OCR never decided our 1996 complaint. Instead, under the leadership of Assistant Secretary for Civil Rights Gerald Reynolds the Department of Education sought and got amendments to Title IX, amendments that in its opinion allow in some circumstances single-sex public schools and single-sex programming at federally-supported educational institutions. As your records will indicate, we filed our objections to those proposed amendments to Title IX, by my letter of July 3, 2002 co-signed by (following my signature) Matthea Marquart, the then president of NOW-NYC; Donna Lieberman and Arthur Eisenberg of the NYCLU; Anne Conners, the former president of NOW-NYC; and Norman Siegel, the former executive director of the NYCLU. In our letter we cautioned about educational harms to children of single-sex public elementary and secondary schools and classes:
“When the government blocks a child’s enrollment at a public school solely on the basis of gender, such state action is injurious to the children of both sexes, because it communicates to the children and to the society at large that the state believes that there are intrinsic differences between boys and girls requiring separate and unequal treatment. Stated simply, such separation and disparate treatment reinforces offensive and debilitating stereotypes about boys and girls.”
Recent studies have underscored and confirmed our warnings about the educational harms of government schools ratifying sex stereotypes—especially in the context of race, when governmental educational officials place such schools in inner-city (minority) neighborhoods.
Now, at the direction of President Obama—with your open support and endorsement—the United States Department of Education is establishing a black section at DOE. It is doing so in the guise of implementing a White House Initiative to promote “educational excellence for African American” students. This initiative, according to the President’s Executive Order, is to “complement” his previous directive to enhance historically black colleges and universities rather than transforming the HBCUs into non-racially-identifiable institutions of higher learning. To say the least, and the obvious, we saw coming this separatist approach to the education of minority group children.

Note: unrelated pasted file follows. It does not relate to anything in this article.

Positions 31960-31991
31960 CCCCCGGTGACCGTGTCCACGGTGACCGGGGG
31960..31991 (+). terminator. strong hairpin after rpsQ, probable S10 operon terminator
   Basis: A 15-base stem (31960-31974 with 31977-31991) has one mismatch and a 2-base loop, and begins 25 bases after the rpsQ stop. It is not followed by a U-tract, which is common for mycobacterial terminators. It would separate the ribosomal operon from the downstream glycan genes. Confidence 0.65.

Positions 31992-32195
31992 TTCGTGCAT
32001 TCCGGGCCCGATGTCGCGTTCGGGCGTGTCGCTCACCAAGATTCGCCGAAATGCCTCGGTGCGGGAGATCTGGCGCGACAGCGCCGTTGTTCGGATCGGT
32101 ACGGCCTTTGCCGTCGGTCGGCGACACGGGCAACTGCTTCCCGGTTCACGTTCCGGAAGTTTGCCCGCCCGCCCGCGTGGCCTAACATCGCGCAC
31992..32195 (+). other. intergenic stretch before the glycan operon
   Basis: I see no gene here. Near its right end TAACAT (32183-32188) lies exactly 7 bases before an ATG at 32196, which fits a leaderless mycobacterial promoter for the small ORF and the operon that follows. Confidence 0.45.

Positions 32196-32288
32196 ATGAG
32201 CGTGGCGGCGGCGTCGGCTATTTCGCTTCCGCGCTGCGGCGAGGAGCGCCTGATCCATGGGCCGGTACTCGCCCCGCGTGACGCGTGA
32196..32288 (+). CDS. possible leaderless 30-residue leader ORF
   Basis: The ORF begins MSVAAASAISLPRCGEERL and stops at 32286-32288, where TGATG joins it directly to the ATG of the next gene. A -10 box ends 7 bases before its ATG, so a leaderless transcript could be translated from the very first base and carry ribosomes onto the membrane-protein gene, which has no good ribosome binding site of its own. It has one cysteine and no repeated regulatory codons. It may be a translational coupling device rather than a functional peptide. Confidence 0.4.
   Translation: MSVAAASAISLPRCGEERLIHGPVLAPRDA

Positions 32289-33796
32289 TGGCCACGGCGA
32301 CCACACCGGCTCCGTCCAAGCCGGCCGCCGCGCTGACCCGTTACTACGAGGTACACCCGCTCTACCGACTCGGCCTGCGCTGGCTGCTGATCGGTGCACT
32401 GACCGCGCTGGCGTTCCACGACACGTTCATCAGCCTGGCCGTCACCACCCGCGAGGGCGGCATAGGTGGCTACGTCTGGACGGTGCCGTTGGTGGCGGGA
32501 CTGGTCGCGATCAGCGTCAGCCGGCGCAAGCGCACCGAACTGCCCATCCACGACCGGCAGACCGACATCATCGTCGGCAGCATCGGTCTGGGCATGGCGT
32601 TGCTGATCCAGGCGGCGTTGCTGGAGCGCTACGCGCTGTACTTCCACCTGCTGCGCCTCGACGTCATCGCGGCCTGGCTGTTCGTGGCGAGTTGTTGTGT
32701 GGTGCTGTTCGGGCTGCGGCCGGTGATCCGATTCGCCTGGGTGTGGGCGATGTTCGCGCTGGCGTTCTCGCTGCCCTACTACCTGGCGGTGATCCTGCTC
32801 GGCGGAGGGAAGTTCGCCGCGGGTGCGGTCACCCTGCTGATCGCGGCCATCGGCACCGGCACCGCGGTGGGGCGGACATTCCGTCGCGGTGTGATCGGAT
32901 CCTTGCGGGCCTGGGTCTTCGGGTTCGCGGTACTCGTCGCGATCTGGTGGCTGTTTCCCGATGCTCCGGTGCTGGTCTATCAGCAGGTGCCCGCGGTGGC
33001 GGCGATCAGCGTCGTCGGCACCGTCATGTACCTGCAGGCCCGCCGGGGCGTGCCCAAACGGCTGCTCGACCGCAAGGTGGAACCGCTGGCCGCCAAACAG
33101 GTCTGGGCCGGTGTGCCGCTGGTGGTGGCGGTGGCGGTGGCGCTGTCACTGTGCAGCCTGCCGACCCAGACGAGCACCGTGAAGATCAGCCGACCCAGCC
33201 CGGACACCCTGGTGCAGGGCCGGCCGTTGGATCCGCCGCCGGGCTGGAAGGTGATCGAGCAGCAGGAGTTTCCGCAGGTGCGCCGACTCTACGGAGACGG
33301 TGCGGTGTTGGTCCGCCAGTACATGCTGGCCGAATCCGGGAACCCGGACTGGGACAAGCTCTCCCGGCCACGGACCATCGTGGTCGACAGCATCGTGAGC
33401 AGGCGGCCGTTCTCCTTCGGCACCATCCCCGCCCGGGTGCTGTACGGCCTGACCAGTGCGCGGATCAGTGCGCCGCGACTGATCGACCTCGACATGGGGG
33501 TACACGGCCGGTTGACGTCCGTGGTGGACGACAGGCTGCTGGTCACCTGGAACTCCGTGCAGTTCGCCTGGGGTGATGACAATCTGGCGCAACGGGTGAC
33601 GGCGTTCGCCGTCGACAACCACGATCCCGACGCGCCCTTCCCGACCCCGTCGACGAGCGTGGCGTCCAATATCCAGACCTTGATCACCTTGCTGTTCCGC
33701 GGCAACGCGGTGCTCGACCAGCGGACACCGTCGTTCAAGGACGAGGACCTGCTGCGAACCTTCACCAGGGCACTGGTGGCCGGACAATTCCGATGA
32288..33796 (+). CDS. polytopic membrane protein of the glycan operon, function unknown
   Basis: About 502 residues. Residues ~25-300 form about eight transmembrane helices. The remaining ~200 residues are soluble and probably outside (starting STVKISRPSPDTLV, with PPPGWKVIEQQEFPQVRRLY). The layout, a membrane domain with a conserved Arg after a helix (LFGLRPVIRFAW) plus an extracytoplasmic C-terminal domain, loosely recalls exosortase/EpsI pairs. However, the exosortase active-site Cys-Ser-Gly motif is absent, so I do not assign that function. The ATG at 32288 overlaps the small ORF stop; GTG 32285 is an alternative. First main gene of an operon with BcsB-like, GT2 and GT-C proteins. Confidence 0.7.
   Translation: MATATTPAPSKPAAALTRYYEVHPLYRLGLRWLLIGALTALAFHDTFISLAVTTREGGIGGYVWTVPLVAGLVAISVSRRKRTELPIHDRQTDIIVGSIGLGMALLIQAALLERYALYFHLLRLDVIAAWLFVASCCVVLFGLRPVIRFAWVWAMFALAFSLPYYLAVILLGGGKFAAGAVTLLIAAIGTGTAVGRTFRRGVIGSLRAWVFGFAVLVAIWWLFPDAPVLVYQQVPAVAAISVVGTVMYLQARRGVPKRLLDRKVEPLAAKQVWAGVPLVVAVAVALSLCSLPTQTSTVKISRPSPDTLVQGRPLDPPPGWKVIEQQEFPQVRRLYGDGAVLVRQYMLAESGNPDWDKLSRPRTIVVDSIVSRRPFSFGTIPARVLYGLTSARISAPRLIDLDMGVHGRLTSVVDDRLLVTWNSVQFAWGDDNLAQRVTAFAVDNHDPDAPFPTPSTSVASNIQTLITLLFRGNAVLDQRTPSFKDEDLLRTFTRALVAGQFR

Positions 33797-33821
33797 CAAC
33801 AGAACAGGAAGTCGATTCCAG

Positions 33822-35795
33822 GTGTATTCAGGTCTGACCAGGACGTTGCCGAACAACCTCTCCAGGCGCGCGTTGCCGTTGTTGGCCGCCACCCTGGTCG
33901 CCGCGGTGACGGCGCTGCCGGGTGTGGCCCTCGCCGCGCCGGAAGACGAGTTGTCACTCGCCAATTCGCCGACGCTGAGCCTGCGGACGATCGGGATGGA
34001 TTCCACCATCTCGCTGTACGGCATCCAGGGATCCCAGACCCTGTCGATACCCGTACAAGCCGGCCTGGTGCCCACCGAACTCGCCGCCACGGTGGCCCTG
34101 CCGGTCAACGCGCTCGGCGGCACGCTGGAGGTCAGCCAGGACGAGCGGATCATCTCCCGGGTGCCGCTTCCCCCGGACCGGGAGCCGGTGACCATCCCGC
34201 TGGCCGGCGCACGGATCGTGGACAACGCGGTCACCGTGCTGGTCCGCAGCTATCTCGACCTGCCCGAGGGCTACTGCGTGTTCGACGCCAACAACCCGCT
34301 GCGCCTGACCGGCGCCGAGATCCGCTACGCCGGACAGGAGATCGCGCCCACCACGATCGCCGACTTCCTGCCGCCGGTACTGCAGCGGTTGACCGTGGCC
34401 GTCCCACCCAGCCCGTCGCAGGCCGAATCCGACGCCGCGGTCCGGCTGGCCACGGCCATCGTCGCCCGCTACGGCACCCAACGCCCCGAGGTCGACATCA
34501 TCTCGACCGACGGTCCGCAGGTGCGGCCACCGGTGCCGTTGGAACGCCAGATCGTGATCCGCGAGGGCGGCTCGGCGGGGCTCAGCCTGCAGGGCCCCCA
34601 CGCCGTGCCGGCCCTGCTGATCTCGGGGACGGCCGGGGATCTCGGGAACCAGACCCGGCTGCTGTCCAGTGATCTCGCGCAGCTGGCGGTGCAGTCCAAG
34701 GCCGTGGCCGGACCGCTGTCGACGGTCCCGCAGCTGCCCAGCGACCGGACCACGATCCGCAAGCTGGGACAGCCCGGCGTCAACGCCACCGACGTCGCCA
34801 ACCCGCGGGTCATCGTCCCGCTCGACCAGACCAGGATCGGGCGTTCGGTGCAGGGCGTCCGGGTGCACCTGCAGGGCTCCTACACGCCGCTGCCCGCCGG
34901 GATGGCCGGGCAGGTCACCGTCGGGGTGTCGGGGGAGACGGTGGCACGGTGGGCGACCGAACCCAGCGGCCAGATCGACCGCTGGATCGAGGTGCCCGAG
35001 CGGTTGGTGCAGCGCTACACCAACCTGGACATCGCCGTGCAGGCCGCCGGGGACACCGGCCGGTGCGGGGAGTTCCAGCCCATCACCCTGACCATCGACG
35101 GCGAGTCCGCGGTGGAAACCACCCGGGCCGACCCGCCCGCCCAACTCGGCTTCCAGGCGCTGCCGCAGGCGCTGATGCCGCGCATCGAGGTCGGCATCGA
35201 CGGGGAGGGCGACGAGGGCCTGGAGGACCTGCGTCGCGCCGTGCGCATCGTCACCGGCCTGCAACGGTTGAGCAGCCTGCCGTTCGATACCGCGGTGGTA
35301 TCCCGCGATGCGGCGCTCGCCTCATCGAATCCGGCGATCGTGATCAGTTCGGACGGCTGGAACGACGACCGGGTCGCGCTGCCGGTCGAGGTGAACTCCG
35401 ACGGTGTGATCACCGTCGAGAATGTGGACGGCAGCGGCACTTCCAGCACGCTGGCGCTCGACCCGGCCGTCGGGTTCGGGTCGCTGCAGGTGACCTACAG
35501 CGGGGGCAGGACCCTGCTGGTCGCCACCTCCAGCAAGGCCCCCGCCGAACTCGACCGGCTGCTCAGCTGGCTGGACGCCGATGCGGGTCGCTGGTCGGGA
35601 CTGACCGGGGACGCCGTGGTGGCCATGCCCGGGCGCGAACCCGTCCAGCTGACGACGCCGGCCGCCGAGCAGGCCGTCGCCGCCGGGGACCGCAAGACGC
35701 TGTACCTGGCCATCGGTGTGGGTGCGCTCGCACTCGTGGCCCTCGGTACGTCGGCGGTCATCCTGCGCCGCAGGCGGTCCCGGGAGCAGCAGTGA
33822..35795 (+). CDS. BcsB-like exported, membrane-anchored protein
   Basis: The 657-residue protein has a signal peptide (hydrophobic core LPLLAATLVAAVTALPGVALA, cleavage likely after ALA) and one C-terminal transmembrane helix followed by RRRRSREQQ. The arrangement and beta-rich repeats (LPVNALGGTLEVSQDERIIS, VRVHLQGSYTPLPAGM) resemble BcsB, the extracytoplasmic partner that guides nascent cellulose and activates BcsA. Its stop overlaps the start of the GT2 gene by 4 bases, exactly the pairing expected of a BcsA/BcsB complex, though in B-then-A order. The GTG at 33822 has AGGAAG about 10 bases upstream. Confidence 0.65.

When this ethnic separatism is reinforced or done at the behest and with the blessing of governmental officials—we are witnessing the functional repeal of the Brown v. Board of Education mandate for the desegregation of our public schools. The President and you are moving in tandem, it seems to us, toward fostering racial identity, reinforcing racial separatism, and pursuing a separate and unequal enforcement of our civil rights laws. Having separate desks or separate doors at the United States Department of Education for Blacks—and for Asians—and for Hispanics—is a deliberate course toward ethnic polarization and for making insupportable and toxic racial and ethnic distinctions and classifications in educational policy and programming.
In stark and plain language, let me say that we do not consider your track record in terms of either supporting or blazing a disreputable separatist track at Education as at all consonant with your promise to “reinvigorate civil rights enforcement.”
It is next to impossible to understand much less accept OCR’s lax and differential enforcement of the civil rights laws especially when OCR violates its own guidelines for making timely decisions, for starting and completing investigations of recipients of federal funding alleged to be making race-based decisions in their programs. OCR should be alert enough to investigate on its own programs that brag they are making racial classifications and stereotyping and excluding from equal participation persons on the basis of skin color and/or gender. But when citizens and prominent civil rights organizations file with OCR complaints of discrimination based on race and/or sex it is unconscionable that OCR would intentionally or unintentionally, wittingly or unwittingly sidestep and delay action on the complaints.